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By:  Mark vonAppen 

Working a shift trade on a company that you are not totally familiar with poses some interesting and potentially hand-tying problems.  It also presents an opportunity for growth.

As things were winding down at our last structure fire, a light rain began to fall as the home owner approached me and put his hand on my shoulder.  His home gutted, the teary-eyed father said, "Thank you for risking your lives to search my home.  My son (12) rides his bike over from his mom's house sometimes and lets himself in when I'm gone.  I come home and he is taking a nap in his room.  When you asked if the house was empty I wasn't totally sure."


Twenty minutes earlier, smoke billowed from the house as I stood in the street after completing a hasty 360 lap, juggling between speaking with the frantic homeowner, and giving arrival assignments.  My crew du jour (engineer and firefighter) hustled to my side, laboring under the burden of their structure gear and tools.  I asked the homeowner, "Is everyone out of the house?"

After a pause, he answered, "Yes, I think so."

I went through my mental checklist: 

  • What is the situation?
  • What can I realistically accomplish with my crew and our tools right now (Rescue company with no water)?
  • What is our responsibility; does it change given the arrival order?
  • Is an "all clear" from the occupant sufficient; what are the consequences if we do not search?
  • Can I turn this crew loose to function on their own?
  • What is the back up plan (audible) if the original plan doesn't work? 

My crew purposefully donned their masks in anticipation of getting the green light to initiate a search of the burning home.  I turned to my engineer as the first due engine roared past and said, "As soon as the engine gets boots on the ground, I want you guys ready to search.  I have to stay here.  Can you get it done?  I need to know right now."

"Yeah, we're ready.  We'll get it done."

As the Incident Commander, I was forced to stay outside and send my crew into the building to search without me.  The Battalion Chief was across town and delayed by flooding from the biblical amount of rain we had received over the course of the week. Just like the captain's simulator exam, there was no one to pass command to - I was it.  The crew, long ago prepared by their regular company officer, gave me the thumbs-up and disappeared into the smoke to conduct the search. 

At that point, my mind was a jumble of uncertainty.  There were many unknowns that I had to trust would turn out in our favor, that the crew in my charge was able and up to the assigned task – my misgivings should not be mistaken for mistrust.  I know with certainty what my regular crew is capable of, I know their strengths, weaknesses, and they know exactly what I expect of them.  We have an established standard of performance.  I had no defined point of reference for this crew, I knew them, and I knew their captain, which eased my fear of the unknown if only slightly.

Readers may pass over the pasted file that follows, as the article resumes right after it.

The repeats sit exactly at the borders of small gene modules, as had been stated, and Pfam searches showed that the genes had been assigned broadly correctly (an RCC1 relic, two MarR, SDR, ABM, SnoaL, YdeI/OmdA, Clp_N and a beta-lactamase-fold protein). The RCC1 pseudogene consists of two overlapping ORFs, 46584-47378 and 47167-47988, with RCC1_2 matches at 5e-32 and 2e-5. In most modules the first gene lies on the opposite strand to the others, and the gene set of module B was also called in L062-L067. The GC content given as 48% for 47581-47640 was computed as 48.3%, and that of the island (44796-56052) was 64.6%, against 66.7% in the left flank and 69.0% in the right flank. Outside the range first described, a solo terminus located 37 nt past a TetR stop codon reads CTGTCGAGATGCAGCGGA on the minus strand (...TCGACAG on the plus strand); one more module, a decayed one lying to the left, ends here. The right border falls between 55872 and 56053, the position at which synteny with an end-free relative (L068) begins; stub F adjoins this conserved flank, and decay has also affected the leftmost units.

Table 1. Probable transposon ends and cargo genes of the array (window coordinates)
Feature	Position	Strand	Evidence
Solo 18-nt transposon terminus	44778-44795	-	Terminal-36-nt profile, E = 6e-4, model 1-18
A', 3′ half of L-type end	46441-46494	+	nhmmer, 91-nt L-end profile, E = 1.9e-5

Moments later, their radio traffic crackled, "Rescue 2 entering Charlie side for primary, PAR 2, full air." A few uneasy minutes later, as the flames were snuffed, "Rescue 2, side alpha, PAR 2, 1/2 air.  Primary complete, all clear."

"View every situation as a potential threat.  Examine every opportunity to perform with a critical eye."

What if the crew hadn't been ready; and stood there frozen on the front lawn when given the order to search? Fortunately for everyone, my crew-for-the-day had been paying attention throughout their careers and recognized the importance of being ready to perform without their officer shepherding them along.  As leaders, we must train our people to view every situation as a potential threat and to examine every opportunity to perform with a critical eye, so that they will be ready.  We must prepare them for any contingency so that when a critical situation presents, they will act decisively and not flinch in the face of adversity.

Everyone has to be all-in-all-the-time because it all counts. The time to prepare for your opportunity is in the days, weeks, months, and years before it happens.  You have to prepare your people with a sense of urgency, not a sense of crisis.  When we are called upon to act, we must be able to do so with conviction, and at full speed.

Mentoring, whether formal or informal, is critical to developing the future of the fire service.  Every one of us at some point in our career will have a chance to make a difference.  It might occur during a search, on the nozzle, or on a medical call.  We cannot determine when that time will come, only that it will.  We must prepare for that moment with the attitude that it is a certainty, not just a possibility. 

We never know when we will be the next man up.

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Comment by Kevin Dippolito on March 4, 2014 at 3:01pm

Mark, well said and so very true; "all-in-all-the-time".

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